Many books have been written on the topic of writing one’s memoir. Formerly, there were the books for grandparents which asked basic questions about their lives, then came the books with the one-line topics. The latest generation of memoir writing books encompasses the reasons for writing, various topics, and suggested leads for those topics. Ms. Pearson’s book falls within the latter.

The book begins with excerpts from her writing class and from her own experiences. Although the book may start out a bit slow for some of us who have been involved in teaching such classes, there are many interesting stories which could give the reader ideas and activate the reader’s memories.

Making History is divided into sections: Why Tell Your Stories?, How to Tell Your Stories, and How Your Stories Fit into History with several chapters for each. She explains why she wrote the book and offers her sources (mostly Web sources) and some suggested reading.

Most of us understand that writing is therapeutic, although many genealogists wish to embellish their research by going beyond the dates and places of their ancestors. Many of us write to record those family stories and childhood memories for the future generations. Ms. Pearson gives ideas on how to deal with too much information as all of us have too little time to write all we really know about our lives and those of our ancestors.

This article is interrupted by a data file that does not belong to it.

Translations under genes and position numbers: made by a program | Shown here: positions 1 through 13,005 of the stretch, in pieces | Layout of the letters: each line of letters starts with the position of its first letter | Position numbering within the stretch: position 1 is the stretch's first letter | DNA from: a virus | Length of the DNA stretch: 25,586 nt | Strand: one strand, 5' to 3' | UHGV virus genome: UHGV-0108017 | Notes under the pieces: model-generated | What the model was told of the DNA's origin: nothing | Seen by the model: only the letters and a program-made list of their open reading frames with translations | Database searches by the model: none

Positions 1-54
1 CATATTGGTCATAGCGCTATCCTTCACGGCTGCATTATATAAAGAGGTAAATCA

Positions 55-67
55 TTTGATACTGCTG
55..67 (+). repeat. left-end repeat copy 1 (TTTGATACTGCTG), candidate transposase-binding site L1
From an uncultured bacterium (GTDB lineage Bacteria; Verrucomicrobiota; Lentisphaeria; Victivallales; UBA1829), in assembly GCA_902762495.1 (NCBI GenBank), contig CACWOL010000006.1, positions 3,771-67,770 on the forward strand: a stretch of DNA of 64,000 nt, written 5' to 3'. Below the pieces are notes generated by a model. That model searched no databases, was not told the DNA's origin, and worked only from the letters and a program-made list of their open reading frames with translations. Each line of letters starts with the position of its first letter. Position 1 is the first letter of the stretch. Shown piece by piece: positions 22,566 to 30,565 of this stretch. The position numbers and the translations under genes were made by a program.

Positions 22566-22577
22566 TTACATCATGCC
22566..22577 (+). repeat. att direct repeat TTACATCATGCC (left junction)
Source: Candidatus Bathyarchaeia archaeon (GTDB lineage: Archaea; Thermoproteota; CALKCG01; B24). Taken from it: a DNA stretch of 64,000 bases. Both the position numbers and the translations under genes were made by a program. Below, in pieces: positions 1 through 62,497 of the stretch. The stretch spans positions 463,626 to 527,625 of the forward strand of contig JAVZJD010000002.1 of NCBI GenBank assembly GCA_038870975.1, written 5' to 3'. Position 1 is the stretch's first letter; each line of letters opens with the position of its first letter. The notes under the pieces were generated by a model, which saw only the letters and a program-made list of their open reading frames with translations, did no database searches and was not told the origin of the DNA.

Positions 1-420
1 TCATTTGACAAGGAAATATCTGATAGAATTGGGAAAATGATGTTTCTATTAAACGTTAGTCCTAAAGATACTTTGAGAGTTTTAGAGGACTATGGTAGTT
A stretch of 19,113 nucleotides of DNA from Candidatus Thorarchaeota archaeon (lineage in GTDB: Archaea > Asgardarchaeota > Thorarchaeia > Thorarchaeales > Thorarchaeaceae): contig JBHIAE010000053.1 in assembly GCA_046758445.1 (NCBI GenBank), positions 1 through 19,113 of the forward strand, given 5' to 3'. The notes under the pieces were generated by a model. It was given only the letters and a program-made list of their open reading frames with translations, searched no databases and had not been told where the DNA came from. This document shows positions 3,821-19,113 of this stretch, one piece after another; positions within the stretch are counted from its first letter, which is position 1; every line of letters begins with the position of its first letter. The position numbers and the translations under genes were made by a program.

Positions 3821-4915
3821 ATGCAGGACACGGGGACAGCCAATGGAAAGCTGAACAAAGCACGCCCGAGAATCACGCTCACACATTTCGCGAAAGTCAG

From that point, Ms. Pearson divides her book into various sections (Economics & Politics, The Social Fabric, Wars & the International Scene, Technology & Science, Crime & Disaster, Arts & Entertainment, Lifestyle Activities, and The Weird, Trivial & Hard-to-Classify) and offers a detailed timeline for each period. Timelines start in 1930 and most end in 1989 with a few ending earlier. However, the best part of her book ends each of those chapters with ideas on which people can write. Usually there are about a dozen paragraphs for each chapter like the following.